Biology nerds needed in a D project!
murilomiranda92 at hotmail.com
Sat May 25 22:02:51 UTC 2019
On Friday, 24 May 2019 at 08:46:06 UTC, Russel Winder wrote:
> I am not an expert in this, but would a neuron (from whatever
> beastie) ever behave like a slime mould?
> Is a sigmoid function sufficient? The era of treating a neuron
> as purely a single dimensional (electrical) state has, I
> believe, long past. Neurons do trigger, but they also have a
> biochemical aspect as well as an electrical one. I am not up to
> date with modelling neurons, and neither am I an expert in
> neurochemistry, and whilst investigating a network of sigmoid
> function triggers is still valid as a fun thing to do, I am not
> sure it can now be seen as a model of a collection of neurons.
> A model that started up in the mid to late 1970s but didn't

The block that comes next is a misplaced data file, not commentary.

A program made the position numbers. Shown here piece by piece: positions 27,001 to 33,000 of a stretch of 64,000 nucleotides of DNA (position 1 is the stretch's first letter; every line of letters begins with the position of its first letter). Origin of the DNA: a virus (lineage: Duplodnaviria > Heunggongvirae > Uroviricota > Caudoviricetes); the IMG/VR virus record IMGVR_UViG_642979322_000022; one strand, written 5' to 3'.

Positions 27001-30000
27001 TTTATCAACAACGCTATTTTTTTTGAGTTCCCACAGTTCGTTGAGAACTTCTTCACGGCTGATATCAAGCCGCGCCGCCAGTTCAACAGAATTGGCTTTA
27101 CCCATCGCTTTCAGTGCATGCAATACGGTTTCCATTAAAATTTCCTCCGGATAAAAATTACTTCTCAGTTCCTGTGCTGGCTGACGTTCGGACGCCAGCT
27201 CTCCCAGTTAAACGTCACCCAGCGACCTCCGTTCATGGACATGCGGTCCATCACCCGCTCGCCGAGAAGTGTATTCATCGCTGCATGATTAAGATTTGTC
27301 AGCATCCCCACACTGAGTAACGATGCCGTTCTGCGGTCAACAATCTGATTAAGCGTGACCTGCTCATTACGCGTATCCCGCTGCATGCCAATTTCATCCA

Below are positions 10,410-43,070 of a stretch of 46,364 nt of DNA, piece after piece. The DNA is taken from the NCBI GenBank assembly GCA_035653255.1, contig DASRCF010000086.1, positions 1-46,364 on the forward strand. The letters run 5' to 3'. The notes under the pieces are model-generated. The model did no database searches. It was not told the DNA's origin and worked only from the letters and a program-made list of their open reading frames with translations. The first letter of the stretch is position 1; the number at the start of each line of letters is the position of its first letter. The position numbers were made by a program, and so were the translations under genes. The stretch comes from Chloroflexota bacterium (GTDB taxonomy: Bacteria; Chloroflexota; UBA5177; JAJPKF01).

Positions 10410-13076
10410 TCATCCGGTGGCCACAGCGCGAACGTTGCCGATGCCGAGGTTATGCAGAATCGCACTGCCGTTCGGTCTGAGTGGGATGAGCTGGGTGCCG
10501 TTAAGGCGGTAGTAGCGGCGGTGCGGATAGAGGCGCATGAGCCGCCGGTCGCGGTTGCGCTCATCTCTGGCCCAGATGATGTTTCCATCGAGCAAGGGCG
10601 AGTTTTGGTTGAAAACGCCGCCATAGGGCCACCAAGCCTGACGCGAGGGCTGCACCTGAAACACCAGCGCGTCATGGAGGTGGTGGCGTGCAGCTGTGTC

> take off then, but I believe is being picked up again recently,
> is to treat a network of neurons embedded in a biochemical
> system as a set of fields. The background was relativistic
> quantum field theory, but I suspect the technique as applied to
> networks of neurons has evolved away from that background. But
> maybe this is still not a mainstream approach?
> Does anyone have any connection with people working on Blue
> Brain. Over decade ago they were modelling the neocortex and
> neurons with apparently good success.
I found your reply very knowledgeable and very intelligent. I
will take a look later at the blue brain project. The reason I
compared a neuron with the slime mold is because it grows
dentrites to form synapses and therefore it creates intelligence.
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